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Mizzou upsets No. 19 USC 83-72

SAN JUAN, Puerto Rico | On the shoulder’s of DeMarre Carroll’s career-high 29 points and the sharp-shooting and ball-hawking T. J. Tiller, Missouri knocked of No. 19 USC 83-72.

The triumph earned the Tigers the fourth-place, consolation game trophy Sunday of the Puerto Rico Tip-Off.

More importantly, it moved Missouri to 4-1 and served noticed the Tigers might be more than a middle of the pack team in the Big 12 Conference.

“That can’t do anything but boost your confidence,” said coach Mike Anderson. “I can’t say enough about the leadership of our guys.

“DeMarre Carroll had a tremendous career-high game. Leo Lyons came back in the second half and I thought really settled down and played some good basketball.

“J.T. Tiller? What can you say? The iron man of our basketball team.”

Down by a dozen points in the first half, Missouri cut that deficit in half at the break, USC up 43-37.

With 16 minutes, 11 seconds to play, USC’s Taj Gibson worked inside for a basket that put USC up 51-41.

Then the Tigers simply took over, outscoring the Trojans in the final 16 minutes 42-21, handing USC its second loss in three games at the Coliseo de Puerto Rico, and more convincingly than Seton Hall’s two-point upset of the Trojans on the first day.

Further, this was an answer for Missouri’s own 75-71 first-day loss to Xavier in a game Missouri led by seven points before missing eight of 10 free throws down the stretch.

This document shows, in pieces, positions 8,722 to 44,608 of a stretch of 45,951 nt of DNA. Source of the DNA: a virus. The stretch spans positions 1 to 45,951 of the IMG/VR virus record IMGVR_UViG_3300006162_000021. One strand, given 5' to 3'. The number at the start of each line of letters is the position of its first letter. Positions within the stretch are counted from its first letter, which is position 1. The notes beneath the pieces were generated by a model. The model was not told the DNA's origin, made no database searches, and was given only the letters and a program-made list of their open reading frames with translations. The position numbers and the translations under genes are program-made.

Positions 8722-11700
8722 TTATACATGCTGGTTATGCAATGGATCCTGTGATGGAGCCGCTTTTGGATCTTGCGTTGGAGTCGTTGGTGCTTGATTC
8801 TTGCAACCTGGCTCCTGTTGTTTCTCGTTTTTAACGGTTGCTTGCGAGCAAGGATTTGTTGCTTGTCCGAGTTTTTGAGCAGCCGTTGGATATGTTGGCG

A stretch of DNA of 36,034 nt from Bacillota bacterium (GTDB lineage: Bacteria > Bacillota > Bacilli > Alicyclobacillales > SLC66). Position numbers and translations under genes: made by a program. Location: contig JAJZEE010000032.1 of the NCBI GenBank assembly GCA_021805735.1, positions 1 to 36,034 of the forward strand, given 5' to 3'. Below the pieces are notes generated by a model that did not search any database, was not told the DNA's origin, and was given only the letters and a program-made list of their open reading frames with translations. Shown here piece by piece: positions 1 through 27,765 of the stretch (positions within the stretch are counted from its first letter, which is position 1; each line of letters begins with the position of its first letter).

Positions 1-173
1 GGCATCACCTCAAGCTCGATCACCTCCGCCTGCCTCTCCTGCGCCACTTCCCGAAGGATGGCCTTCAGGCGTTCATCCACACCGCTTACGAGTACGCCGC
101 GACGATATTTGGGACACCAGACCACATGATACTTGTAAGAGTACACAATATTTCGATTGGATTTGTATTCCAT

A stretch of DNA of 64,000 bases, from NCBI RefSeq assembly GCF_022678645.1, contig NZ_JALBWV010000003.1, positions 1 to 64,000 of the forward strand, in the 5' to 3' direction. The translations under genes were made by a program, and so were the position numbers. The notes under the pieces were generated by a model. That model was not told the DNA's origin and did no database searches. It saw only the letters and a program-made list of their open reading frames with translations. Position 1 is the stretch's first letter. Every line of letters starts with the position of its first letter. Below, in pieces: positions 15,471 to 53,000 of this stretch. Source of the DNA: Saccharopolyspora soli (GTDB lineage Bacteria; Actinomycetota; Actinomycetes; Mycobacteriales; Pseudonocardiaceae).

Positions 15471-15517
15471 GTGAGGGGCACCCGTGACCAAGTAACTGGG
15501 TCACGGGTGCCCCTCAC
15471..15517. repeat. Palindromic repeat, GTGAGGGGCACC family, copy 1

“We saw the Seton Hall game,” Carroll said. “Once you get on top of them, we saw that some of their heads get down.

“We just said we’re not going to let another opportunity pass us by like we had against Xavier.”

It did not help USC’s cause that Gibson, plagued by foul trouble from early in the game, rode the bench most of the day and scored only 11 points before fouling out with 63 seconds left.

The Trojans were also hurt when Kasey Cunningham, who scored 11 points in relief of Gibson, was helped off the court with a left knee injury with 10 minutes to play.

But Missouri helped itself as well.

From start to finish, Carroll proved a force. He hit 11 of 16 shots (including three of three three-pointers), hit four of five free throws and ripped off nine rebounds.

“I was feeling it,” Carroll said. “I kind of took it personally. A lot of people, they say when you get on a big stage you’ve got to show your overall game.”

Carroll hit two big threes in the second half, stepping back to make sure it was a bonus shot on one of them.

“It was a heat check and I’m glad it went in,” Carroll said, “because if it didn’t Coach, more of his hair would have turned grey on me.”

The other three that stood out did so because it came with the shot clock running down and Carroll’s teammates just sort of standing around looking at their senior forward.

“Let me see what I’m made of,” Carroll said. “My dad always told me, `Late in the game you need to step up to the plate.’

“I saw my teammates looking at me, so I just shot the ball.”

Tiller, meanwhile, hit 3 of 3 threes on the way to 14 points and came up with three steals.

Lyons scored 13 points for the Tigers, while Keith Ramsey (8 points), Miguel Paul (7 points) and Marcus Denmon (5 rebounds and 4 points) contributed off the bench.

Missouri led just 68-67 when, with 5:19 left, Tiller drove right, was fouled and hit both free throws.

Tiller then stole the ball and fed Denman for a lay up past Gibson. Next, Denman stole the inbounds pass and Lyons turned that into a bucket that put Missouri up 74-67 with 4:50 to play.

Mizzou kept USC (now 3-2) at bay the rest of the way.

Missouri, now 4-1, heads home from Puerto Rico tonight having won two of three on the island heading into Saturday’s 3 p.m. tip off against Oral Roberts at Mizzou Arena.

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